Let’s Talk: Taxes Take 2

Last I wrote about taxes was when we found out that we qualified for the Adoption Tax Credit. For some reason I never truly read through the information and thought that it only applied to private adoption. Here is that post:


We use an awesome accountant who does voodoo magic on our taxes. He is very knowledgeable about the codes, etc. He did our taxes this year and we were surprised about the Adoption Tax Credit because, again, we didn’t read the whole thing. The tax credit for Adoption can only give credit to the taxes that you owe that year, they cannot refund money. So in all intents and purposes you will not get the full amount unless you owe a lot in taxes! Here is a good explanation:


How much you benefit from this tax credit depends largely on your tax liability for the year in question.

So there’s that info for those of you, like us, who never read the whole code or did not understand. We will still benefit about $5,000 from this tax credit, but that is about one sixth of the amount of money we were expecting from this tax credit!

Secondly, let’s talk about natural parents claiming their children on their taxes. When our accountant went to file our taxes, someone else had already claimed the children. Yes, we will be changing their social security numbers. But we did not receive their new birth certificates or have the other necessary documents ready to change their social security numbers prior to tax season. So rest assured we will have them changed for next year! Anyway, we could not e-file for either the Federal or State taxes because we are claiming the children as our dependents. I have read a lot into this and most of the documents that the IRS wants stems on physical custody and residency for the year in question. The children never lived with or were in physical custody of their natural parents the year that we accepted placement and adopted them. I am hopeful that this fact alone will discredit their dependency claim and allow us to claim them on our taxes. It is also very possible that the IRS will not allow us to claim them on our taxes because they did not live with us for more than half of the year. But then any child born after June in 2014 wouldn’t be claimed by their parents because they didn’t live with them for more than half of the year. I am so interested to see how this plays out!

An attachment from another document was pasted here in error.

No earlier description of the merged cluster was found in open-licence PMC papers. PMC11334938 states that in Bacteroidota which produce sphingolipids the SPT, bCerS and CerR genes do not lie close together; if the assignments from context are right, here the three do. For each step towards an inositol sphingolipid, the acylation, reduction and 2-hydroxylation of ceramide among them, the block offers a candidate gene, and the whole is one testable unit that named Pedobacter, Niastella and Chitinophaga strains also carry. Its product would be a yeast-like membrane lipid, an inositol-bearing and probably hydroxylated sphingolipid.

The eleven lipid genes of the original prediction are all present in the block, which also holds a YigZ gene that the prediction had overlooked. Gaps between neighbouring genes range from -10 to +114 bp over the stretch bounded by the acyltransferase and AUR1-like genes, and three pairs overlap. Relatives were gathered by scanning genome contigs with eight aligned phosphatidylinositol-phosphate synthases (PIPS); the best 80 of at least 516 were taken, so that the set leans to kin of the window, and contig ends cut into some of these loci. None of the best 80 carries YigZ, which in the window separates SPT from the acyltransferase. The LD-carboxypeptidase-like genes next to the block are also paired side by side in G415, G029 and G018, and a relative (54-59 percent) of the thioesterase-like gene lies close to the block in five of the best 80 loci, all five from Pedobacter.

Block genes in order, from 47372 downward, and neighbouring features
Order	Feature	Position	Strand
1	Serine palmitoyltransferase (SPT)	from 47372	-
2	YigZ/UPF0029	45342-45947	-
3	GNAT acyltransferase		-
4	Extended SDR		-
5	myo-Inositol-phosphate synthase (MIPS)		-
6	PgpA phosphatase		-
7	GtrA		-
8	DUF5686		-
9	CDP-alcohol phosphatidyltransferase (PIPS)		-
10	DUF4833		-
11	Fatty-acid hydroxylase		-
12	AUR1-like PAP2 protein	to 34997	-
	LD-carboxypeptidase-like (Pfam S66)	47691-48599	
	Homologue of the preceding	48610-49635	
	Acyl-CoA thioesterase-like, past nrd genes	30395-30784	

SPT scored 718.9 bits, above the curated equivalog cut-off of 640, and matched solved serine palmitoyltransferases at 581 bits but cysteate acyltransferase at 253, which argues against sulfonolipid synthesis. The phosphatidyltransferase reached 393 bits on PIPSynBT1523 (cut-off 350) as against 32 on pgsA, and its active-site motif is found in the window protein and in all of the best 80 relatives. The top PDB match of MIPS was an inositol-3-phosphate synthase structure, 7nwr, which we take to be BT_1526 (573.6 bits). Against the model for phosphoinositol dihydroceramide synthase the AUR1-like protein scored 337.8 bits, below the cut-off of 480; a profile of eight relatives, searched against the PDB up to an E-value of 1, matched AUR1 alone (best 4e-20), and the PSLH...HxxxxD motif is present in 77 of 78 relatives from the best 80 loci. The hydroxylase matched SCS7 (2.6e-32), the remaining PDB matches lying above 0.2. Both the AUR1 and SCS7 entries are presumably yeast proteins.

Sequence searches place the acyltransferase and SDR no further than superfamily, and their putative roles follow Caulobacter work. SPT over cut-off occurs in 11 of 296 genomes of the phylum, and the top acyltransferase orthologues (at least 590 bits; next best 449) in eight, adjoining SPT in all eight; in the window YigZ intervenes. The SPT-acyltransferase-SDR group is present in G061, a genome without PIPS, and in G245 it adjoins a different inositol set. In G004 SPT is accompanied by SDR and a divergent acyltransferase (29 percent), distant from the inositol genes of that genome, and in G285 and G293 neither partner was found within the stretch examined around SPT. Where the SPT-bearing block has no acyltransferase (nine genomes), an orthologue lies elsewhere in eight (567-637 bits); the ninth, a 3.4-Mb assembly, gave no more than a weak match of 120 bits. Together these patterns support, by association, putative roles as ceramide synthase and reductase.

We are filing our taxes through the mail with a disclaimer and supporting documents to show why we are claiming them as dependents. I will let you all know how it goes!

Here are some of the links that I felt helped me in my research of the dependency tax laws. If we had only fostered the kids and not adopted them in 2014 then we would not be claiming them on our taxes.

IRS website:


Tax Laws for Claiming Dependents:


What Qualifies a Dependent:


IRS Audit for Dependents:



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